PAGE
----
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More phosphorus available than soil tests report

The National Center for Water Quality Research at Heidelberg University is finding higher phosphorus levels in soil samples than what average soil tests report.

“On average, the soil test in the upper inch of soil is about 55 percent higher than the soil test that would be reported to a farmer for his nutrient management.”

Director Emeritus & founder Dave Baker tells Brownfield practices in place to control erosion including no-till and cover crops have resulted in increased levels of phosphorus in the upper levels of soil. He says that buildup of phosphorus is bettered measured with stratified soil tests compared to standard soil samples.  “In the long-term, you might be able to reduce [levels] through what’s called drawdown, simply applying less phosphorus than what crops are removing, and that will slowly drop the soil test levels.”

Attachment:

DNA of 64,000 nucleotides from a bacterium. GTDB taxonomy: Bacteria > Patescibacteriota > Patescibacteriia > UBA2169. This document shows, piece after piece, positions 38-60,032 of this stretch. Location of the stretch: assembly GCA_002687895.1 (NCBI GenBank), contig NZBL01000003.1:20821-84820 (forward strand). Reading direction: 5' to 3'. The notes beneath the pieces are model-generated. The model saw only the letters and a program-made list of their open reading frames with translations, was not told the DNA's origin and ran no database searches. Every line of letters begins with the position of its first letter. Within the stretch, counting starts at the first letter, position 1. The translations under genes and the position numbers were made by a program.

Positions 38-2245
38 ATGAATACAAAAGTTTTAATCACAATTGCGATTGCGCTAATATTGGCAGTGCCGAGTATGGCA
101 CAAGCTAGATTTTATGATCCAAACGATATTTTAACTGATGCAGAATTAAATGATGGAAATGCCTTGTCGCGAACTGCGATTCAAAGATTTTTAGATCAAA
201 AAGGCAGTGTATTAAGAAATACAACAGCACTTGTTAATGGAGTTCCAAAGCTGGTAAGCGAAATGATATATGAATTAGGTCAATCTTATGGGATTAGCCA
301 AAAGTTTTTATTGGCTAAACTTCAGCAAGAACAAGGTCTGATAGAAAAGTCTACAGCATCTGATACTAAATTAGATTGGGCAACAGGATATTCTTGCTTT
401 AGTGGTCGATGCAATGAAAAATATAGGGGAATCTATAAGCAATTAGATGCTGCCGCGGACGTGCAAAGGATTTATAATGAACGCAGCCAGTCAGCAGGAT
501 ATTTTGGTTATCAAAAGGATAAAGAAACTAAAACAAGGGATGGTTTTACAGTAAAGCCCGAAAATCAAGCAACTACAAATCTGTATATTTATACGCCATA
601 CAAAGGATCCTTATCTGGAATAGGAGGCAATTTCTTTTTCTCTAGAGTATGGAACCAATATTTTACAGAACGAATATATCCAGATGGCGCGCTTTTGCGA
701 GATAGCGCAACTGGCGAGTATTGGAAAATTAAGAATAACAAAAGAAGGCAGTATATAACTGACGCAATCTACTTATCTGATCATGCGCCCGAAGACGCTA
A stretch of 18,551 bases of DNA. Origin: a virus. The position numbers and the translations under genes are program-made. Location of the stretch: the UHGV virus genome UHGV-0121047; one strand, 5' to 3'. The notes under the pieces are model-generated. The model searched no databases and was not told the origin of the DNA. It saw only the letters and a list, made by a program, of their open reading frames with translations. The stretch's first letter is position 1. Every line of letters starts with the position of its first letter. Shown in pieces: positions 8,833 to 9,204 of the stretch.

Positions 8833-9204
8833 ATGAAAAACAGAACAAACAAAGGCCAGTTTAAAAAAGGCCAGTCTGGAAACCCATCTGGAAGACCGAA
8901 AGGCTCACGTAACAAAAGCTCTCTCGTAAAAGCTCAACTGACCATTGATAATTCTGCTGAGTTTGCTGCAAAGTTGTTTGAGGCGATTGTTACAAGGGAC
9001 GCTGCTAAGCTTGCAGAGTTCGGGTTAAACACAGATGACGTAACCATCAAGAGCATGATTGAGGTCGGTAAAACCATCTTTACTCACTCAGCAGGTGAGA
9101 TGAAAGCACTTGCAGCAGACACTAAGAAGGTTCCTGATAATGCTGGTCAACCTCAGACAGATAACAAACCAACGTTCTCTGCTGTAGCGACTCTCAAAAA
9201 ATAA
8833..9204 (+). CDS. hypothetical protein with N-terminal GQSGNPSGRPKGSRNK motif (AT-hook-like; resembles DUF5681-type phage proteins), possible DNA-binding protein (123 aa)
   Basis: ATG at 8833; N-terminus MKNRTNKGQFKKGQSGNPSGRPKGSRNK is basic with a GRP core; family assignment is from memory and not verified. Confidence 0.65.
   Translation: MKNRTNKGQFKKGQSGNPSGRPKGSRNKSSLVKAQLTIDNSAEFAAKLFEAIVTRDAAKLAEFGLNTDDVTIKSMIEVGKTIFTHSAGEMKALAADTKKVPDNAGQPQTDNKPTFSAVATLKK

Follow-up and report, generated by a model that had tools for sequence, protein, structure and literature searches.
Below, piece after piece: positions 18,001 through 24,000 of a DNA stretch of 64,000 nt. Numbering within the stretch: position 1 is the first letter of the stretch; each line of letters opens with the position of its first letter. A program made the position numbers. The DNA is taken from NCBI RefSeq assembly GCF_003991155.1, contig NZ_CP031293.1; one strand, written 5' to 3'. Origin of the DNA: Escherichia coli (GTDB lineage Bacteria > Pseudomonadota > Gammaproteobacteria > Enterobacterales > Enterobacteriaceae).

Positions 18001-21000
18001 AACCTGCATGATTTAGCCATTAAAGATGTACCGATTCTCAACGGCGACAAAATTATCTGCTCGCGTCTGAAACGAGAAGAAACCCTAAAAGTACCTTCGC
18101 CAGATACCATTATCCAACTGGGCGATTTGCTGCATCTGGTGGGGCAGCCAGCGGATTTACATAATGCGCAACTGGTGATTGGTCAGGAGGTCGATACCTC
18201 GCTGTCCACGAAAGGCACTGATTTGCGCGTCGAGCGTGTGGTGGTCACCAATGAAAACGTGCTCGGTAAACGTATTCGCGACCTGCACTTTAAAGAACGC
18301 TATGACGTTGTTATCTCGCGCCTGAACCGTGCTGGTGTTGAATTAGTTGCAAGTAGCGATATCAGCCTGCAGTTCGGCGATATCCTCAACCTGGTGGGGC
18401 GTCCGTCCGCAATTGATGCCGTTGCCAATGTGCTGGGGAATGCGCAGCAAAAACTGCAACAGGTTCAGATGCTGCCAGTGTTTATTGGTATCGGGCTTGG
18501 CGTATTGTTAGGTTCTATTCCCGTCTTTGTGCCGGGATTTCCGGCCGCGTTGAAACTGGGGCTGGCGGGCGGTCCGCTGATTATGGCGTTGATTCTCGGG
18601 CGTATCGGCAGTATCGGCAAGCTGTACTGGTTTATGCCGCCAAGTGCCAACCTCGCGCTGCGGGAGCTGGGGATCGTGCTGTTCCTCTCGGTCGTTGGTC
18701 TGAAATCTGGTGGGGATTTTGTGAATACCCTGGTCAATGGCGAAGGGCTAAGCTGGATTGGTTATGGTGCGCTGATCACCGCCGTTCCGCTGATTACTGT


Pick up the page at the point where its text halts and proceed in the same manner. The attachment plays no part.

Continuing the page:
Baker says good soil health and improved water infiltration can also help to reduce phosphorus runoff and keep nutrients in crop fields.

AUDIO: Interview with Dave Baker during Conservation Tillage and Technology Conference

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